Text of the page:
6. What is the best way to communicate discounts to customers?
There are several effective ways to communicate discounts to customers, such as:
- Email marketing campaigns: This is a great way to reach a large number of customers with a targeted message.
- Social media: Use social media platforms like Twitter, Facebook, and LinkedIn to promote your discounts and reach a wider audience.
- In-app messaging: Use in-app messaging to communicate discounts to customers who are already using your software product or service.
- Pop-ups and banners: Use pop-ups and banners on your website to promote your discounts and increase visibility.
7. How do I avoid cannibalizing sales with discounts?
To avoid cannibalizing sales with discounts, you should consider the impact of discounts on your revenue and profit margins. You may want to limit the number of discounts you offer or the duration of the discount period to avoid eroding your profit margins. Additionally, you can segment your customers and offer targeted discounts to specific groups to ensure that your discounts are not cannibalizing sales from other customer segments. It's also important to make sure that the discounts you offer are aligned with your overall pricing strategy and business goals.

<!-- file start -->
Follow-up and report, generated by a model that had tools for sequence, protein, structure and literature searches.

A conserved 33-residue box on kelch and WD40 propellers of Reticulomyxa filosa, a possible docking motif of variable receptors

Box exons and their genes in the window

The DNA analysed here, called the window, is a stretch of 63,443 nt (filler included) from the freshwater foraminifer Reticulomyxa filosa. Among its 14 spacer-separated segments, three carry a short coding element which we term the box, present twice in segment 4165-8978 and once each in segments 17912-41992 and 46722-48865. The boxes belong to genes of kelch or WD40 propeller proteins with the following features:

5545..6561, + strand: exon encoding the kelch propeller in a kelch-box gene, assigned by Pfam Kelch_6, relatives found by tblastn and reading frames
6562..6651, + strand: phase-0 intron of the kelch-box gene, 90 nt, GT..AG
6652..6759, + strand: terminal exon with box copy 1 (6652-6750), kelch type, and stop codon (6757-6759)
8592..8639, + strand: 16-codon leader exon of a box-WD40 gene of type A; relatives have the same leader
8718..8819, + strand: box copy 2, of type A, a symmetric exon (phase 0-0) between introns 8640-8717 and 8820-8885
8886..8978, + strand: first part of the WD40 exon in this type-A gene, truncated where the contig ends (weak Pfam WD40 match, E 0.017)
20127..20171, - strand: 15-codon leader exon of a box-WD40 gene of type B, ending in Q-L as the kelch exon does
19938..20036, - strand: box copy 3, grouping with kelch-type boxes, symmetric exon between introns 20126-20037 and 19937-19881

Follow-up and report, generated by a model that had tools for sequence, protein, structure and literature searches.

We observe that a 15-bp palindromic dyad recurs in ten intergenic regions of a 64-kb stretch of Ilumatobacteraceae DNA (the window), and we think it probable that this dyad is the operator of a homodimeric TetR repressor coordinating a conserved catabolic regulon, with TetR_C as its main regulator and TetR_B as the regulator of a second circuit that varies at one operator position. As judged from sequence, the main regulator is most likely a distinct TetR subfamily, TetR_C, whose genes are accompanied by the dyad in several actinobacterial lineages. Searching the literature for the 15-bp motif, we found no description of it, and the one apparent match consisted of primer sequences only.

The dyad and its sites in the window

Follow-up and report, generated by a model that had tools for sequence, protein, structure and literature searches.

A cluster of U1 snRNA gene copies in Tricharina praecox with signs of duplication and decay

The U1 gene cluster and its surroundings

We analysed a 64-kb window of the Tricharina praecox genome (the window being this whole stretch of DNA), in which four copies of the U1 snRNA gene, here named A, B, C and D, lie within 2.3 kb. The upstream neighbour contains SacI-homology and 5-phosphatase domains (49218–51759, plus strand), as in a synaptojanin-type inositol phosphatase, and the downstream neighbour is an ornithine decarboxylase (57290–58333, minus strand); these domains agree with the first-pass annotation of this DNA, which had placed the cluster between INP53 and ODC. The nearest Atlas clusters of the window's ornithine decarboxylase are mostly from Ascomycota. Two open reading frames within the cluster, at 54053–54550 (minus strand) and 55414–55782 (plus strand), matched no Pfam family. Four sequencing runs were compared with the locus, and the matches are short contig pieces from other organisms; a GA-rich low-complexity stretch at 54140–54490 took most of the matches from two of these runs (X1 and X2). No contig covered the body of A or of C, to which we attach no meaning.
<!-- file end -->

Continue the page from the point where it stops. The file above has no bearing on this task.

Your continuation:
8. Are there any legal considerations when offering discounts in SaaS?
Yes, there are legal considerations when offering discounts in SaaS. For example, if you offer a discount to a customer based on their membership in a particular group or organization, you may need to ensure that you are complying with anti-discrimination laws. Additionally, if you offer discounts that are only available for a limited time or for a limited quantity of product, you may need to ensure that you are complying with advertising and promotional laws.